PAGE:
The Eurovision song contest voting patterns is a popular theme for the analysis of European identity and culture. In an article for the “In Focus” section of Political Insight (September 2013, Volume 4, Issue 2) Dimitris Ballas, Danny Dorling and I looked at the voting patterns of this year’s contest that was held in Malmö (Sweden). It has long been argued that there are clear patterns based on geographical region as well as cultural and linguistic bonds and there has typically been labelling of groups of countries that give their votes to each other as ‘blocs’ such as the ‘Scandinavian bloc’, the ‘Mediterranean’, ‘Western’, ‘Eastern’, ‘Scandinavian’, the ‘Balkan’ bloc etc. It can also be argued that political considerations may also affect these voting patterns and this may be particularly interesting in the recent Eurovision song context with voting patterns possibly influenced by the on-going political and economic crisis in the European Union (EU). This map series puts a focus on those countries being closely associated with the EU, either by being current members or official candidate member states (or official potential candidate for EU accession) and/or signed up to any of the following agreements: European Economic Area, the Schengen Zone, the European Monetary Union. The maps are based on European states that currently meet at least one of these criteria, leaving the remaining participants of the song contest aside.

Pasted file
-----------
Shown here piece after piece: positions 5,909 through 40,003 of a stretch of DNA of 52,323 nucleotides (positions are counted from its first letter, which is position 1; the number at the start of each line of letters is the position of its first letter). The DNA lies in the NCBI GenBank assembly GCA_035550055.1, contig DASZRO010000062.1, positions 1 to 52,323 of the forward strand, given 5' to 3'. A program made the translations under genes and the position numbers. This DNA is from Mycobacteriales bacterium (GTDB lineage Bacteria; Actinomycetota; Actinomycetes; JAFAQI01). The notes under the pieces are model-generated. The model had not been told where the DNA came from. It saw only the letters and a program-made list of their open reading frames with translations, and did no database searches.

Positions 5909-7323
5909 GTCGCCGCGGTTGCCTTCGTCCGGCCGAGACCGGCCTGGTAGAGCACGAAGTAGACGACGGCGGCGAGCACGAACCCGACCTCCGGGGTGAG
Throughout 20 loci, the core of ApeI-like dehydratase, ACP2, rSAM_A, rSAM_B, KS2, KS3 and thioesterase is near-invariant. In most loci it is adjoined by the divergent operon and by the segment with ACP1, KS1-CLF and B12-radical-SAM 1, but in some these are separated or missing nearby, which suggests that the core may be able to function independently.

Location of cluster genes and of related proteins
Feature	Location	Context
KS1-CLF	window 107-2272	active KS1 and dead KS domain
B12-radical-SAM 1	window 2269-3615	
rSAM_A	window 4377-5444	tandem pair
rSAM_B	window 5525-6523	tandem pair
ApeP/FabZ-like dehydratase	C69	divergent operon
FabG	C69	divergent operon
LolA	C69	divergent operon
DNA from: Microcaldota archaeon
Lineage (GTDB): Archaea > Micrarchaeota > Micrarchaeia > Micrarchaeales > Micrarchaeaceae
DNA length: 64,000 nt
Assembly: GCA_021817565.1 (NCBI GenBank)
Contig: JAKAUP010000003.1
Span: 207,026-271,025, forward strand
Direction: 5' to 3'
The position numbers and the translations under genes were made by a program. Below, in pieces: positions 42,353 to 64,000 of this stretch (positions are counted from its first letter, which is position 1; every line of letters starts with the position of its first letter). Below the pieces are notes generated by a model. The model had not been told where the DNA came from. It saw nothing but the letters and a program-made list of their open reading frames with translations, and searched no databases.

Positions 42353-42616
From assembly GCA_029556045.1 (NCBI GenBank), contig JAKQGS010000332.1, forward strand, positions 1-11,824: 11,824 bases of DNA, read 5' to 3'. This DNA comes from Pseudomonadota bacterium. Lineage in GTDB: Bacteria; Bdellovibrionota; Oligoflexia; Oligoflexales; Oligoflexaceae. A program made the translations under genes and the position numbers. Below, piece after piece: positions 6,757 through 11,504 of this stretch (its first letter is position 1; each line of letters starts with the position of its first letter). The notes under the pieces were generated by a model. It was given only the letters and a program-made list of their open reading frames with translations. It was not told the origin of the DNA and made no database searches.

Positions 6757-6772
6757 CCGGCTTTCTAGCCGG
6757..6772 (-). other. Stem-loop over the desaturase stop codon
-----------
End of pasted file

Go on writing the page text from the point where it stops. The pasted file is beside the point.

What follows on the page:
In an article for the “In Focus” section of Political Insight (April 2013, Volume 4, Issue 1) Danny Dorling and I looked at the global geography of wealth. The map that I created for this feature displays data published by Forbes Magazine in spring 2012 (updated annualy). For 2012 Forbes counted 1153 billionaires across the globe (this figure includes families, but excludes fortunes dispersed across large families where the average wealth per person is below a billion). The total wealth of the billionaires was US$3.7 trillion – as great as the annual gross domestic product of Germany. Top of this league table is the US with 424 billionaires (or billionaire families), followed by Russia (96) and China (95). The following cartogram animation shows, how the distribution of billionaires and the distribution of their total wealth compares. Although there are only small changes between the two maps, it is quite apparent that the wealthiest in the wealthier parts of the world accumulate slightly higher shares of wealth than those living in the emerging economies such as China (though this may be some of the less worrying inequalities that exist globally):
(click for larger version)